TAMPA — Roberto Aguayo's 38-yard field goal on the final play to beat the Panthers 17-14 Monday night not only won a crucial game for the Bucs, it bought the organization more time to decide which direction to go with their wayward kicker.
The Bucs are going to have to deal with the Aguayo situation soon because if his failures cost them games, it could cause a schism between the coaching staff that is judged on wins and losses and the front office that wants its gamble on drafting the Florida State kicker in the second round to pay off.
When Aguayo lined up for the winner, ESPN analyst and former Bucs coach Jon Gruden said Aguayo was kicking "for his NFL career,'' having missed his two previous field goals Monday. That might be only a slight exaggeration.
Even with the winner, coach Dirk Koetter sounded as disgusted as he did relieved by Aguayo's performance this season. Aguayo is 4-of-8 on field goals with one missed extra point in nine tries.
"I think it's realistic to think in this league that inside of 50 yards, if weather is not a factor, that you're expected to make them, a very high percentage," Koetter said. "There's plenty of kickers in this league that do. There's no doubt that we can all be frustrated at what's going on with Roberto at times. … I thought it said a lot about the way our team responded.
"We probably had a chance to make that game where it didn't come down to the end like that in a game-ending field goal, but whatever happens out there, we have to own it and we have to move forward. We have plenty of things to get better at and one of those is our field goal kicking."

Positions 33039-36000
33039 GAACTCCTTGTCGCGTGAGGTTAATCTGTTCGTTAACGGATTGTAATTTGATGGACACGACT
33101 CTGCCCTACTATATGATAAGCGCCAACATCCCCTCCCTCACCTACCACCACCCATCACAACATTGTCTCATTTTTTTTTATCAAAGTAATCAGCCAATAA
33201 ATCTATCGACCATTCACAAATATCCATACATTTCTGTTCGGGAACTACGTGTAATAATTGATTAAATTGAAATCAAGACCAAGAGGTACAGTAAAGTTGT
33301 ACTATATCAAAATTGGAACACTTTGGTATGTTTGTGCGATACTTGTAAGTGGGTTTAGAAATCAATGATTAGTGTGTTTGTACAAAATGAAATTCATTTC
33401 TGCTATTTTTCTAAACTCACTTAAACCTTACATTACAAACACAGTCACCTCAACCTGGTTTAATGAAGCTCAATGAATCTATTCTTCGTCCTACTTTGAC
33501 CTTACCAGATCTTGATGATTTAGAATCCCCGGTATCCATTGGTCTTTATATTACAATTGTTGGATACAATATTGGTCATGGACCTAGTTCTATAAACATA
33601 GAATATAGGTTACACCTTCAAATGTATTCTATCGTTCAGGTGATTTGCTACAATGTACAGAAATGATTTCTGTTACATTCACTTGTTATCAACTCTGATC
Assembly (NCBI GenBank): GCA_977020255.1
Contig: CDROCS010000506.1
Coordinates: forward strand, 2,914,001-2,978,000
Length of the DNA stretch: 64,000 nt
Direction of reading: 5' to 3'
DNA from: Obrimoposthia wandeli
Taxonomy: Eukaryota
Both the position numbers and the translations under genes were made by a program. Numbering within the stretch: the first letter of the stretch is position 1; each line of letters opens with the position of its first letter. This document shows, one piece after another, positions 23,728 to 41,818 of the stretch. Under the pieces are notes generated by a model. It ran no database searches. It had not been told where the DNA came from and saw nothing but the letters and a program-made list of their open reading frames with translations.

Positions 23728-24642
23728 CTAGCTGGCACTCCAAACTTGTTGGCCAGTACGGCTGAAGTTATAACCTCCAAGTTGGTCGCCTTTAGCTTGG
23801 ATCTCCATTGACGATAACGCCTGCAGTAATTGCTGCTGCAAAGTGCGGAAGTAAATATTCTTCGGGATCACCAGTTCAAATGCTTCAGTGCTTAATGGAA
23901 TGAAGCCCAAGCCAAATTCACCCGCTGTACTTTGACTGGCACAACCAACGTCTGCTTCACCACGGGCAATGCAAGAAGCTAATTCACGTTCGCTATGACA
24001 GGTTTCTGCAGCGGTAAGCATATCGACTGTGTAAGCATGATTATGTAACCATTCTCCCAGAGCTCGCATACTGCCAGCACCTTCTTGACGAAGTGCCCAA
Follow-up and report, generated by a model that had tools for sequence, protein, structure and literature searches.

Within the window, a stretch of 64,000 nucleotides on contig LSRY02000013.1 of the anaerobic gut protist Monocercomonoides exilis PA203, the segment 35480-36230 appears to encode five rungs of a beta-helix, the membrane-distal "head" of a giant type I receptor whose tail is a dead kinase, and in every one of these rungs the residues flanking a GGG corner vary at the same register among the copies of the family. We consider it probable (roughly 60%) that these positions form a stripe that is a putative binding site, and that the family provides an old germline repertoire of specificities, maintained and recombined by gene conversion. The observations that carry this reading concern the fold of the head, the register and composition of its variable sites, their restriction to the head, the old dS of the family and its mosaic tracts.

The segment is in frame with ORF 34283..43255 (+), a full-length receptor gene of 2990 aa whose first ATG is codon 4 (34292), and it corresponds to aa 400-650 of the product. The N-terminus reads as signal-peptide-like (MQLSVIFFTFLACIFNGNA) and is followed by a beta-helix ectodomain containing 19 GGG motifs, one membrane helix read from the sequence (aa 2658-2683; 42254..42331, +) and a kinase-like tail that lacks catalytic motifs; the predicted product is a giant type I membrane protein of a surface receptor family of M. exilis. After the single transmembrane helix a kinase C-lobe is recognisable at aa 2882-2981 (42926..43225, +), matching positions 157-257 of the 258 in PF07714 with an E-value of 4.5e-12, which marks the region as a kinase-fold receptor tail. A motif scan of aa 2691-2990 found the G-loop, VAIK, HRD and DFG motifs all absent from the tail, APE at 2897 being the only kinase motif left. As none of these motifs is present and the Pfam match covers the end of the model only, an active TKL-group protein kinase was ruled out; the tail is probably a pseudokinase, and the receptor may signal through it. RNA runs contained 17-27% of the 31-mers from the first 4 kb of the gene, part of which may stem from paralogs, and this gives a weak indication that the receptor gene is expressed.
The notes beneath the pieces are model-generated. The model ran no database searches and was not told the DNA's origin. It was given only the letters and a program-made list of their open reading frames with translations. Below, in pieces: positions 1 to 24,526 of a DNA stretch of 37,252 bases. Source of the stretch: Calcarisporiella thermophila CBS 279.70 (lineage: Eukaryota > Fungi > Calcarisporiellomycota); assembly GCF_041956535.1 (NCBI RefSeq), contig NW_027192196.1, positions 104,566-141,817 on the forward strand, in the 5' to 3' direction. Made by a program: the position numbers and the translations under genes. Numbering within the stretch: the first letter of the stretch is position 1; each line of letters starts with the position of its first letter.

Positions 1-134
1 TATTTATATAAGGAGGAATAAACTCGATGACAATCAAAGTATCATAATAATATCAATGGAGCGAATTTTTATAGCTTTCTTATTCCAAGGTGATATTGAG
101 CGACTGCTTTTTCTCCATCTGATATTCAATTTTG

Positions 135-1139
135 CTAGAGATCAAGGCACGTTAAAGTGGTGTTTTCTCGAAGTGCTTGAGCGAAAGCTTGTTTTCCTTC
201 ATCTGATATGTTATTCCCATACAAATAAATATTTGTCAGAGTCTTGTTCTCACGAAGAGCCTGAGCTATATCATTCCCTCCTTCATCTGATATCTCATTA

Two years ago, Notre Dame rookie Kyle Brindza won the job over Connor Barth in training camp but made only 6 of 12 field goals, including two of his last seven, and he was 6-of-8 on extra points. Those misses arguably cost the Bucs two wins.
Let's face it, the thing likely causing Aguayo to miss is what is also keeping him here — the Bucs used an assortment of draft picks to move into the second round to take a kicker — a kicker!
Conventional wisdom says that's too high for a specialist, but Licht never liked conventions. You're not talking about some ham-and-egger who won his job in a tryout or training camp. Aguayo is the NCAA's all-time most accurate field goal kicker, having never missed inside of 40 yards. But because FSU ran away from most opponents, Aguayo was rarely if ever in a do-or-go-home situation as he was Monday.
"As we keep going, the more experiences, the more kicks I have, the more mature and better I'm going to get with kicking in the NFL with the surroundings and stuff," Aguayo said. "But definitely it will (help)."
Here's the thing. The accuracy of kickers has increased dramatically through the years in the league. Not long ago a kicker with an 80 percent success rate was the industry standard. Now the best of the biz sometimes pump more than 90 percent of their kicks through the uprights. The Giants and Cowboys converted on 93.75 percent of field goals last season.
That is the reason why the NFL made extra points a 33-yard kick.
History lesson: The Bucs drafted kicker Martin Gramatica out of Kansas State in the third round in 1999. Nicknamed Automatica, he lived up to his billing and then some, helping the Bucs win Super Bowl XXXVII in the 2002 season. Eleven games into the '04 season, he became Erratica, making only 4-of-11 field goals from 30 to 49 yards. Gruden released him. He had to.
Too many jobs were depending on a guy who can kick a ball through the uprights.
Contact Rick Stroud at firstname.lastname@example.org. View his blog at tampabay.com/blogs/bucs.